A GTA mom says she is preparing to take legal action after the school in her family’s neighbourhood cut its junior kindergarten program and is preparing to cut the senior class, as well.

Charlene St. Wells lives just minutes from St. Joseph’s Catholic Elementary in Aurora, Ont., and every day she walks her seven-year-old to class in the morning.

St. Wells had planned on sending her four-year-old son to the school in September, but last year the York District Catholic School Board scrapped the junior kindergarten program at St. Joseph’s, and will soon cut the senior class to make room for a French immersion class.

As a result, her son will have to take a bus to different school.

“It doesn’t make sense that I have a school that I can see from my front living room that he could attend, and he has to be shipped out on a 35 minute bus ride,” she told CBC News.

“I’m really upset about it. Sibling separation is a huge concern for me.”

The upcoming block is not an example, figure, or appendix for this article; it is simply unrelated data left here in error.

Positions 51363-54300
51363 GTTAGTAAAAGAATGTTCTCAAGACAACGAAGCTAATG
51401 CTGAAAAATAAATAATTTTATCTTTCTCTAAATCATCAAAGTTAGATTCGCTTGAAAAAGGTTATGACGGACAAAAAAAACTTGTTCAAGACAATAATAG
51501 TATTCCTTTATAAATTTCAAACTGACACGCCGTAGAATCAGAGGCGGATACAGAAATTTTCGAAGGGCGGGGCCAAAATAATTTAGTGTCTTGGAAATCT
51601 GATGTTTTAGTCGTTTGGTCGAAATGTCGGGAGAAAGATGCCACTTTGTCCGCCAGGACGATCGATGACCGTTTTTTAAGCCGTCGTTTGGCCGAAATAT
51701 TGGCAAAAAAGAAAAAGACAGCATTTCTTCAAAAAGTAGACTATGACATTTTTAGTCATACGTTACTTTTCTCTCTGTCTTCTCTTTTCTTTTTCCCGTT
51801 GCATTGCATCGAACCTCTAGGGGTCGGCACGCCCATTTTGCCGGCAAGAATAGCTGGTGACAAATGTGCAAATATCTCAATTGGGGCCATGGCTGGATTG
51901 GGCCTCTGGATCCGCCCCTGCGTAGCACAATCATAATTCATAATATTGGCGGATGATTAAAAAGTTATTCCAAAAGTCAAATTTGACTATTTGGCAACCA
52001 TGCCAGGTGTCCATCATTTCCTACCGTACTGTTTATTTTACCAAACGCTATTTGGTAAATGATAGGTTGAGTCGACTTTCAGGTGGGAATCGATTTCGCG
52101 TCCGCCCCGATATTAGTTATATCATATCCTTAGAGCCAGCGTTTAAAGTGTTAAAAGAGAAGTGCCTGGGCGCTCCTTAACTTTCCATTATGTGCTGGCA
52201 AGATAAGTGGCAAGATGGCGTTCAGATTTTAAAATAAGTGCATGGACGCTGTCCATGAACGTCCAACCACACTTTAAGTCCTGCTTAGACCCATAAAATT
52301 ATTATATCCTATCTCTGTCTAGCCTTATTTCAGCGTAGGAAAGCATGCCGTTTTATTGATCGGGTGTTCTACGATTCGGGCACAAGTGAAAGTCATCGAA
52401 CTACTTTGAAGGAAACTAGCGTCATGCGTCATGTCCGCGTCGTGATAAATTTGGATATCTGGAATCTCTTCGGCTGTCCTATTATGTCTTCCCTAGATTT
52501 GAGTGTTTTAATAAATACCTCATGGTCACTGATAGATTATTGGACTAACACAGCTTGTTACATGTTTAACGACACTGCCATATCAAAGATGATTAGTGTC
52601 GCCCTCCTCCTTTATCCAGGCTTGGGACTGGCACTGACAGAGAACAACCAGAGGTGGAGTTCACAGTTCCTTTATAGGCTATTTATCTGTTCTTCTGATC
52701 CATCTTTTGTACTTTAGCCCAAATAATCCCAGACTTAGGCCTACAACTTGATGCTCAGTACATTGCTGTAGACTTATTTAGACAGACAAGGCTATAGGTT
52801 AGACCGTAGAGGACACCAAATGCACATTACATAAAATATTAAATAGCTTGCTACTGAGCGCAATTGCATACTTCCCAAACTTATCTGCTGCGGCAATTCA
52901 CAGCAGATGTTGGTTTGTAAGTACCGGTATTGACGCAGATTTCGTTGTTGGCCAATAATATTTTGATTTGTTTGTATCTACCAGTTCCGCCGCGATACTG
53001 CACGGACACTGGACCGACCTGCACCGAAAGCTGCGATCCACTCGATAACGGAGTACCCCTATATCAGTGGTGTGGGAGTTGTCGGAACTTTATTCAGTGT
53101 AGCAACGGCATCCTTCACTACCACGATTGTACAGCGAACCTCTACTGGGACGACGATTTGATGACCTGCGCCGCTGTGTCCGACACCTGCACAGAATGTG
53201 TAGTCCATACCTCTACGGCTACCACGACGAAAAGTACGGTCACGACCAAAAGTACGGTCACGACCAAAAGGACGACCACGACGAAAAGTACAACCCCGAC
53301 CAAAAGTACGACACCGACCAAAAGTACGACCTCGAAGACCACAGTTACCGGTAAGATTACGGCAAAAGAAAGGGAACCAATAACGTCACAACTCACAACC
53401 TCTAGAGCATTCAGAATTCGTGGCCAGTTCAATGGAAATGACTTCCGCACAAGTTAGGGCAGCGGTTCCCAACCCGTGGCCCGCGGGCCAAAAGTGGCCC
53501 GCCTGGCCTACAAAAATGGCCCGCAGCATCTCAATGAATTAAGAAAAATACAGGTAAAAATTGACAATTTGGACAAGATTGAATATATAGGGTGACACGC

St. Wells said that 30 families have signed a petition she started to have St. Joseph’s reinstate its kindergarten program.

When she approached the board to discuss the matter, she was directed to the Ontario Ministry of Education.

'Where's the accountability?'

During the last provincial election in 2011, the Ontario Liberals pledged to instate full-day kindergarten programs in every publicly funded school in the province by September 2014.

But in an email statement to CBC News, education ministry spokesperson Kevin Dove wrote, “That means that all of Ontario’s four and five-year-olds will have access to full-day kindergarten.”

St. Wells said she believes the province is simply playing with semantics.

“I've heard the same spiel. I think that legislation is legislation and intent is not my concern. If that is their intent, they should amend legislation and go through proper process to do so,” she said.

“It’s ridiculous. Where’s the accountability?”

Elizabeth Crowe, the chair of the York District Catholic School Board said that without funding from the province, said there is currently nothing the school board can do about the situation without help from the province. 

“We have to follow legislation. So we went back to the ministry and said if you would like us to put the program back at St. Joe’s, we will. And we would like the funding to do so,” Crowe said.

“And we have not heard back.”

St. Wells that if the province doesn’t uphold their election promise, she may be forced to take legal action.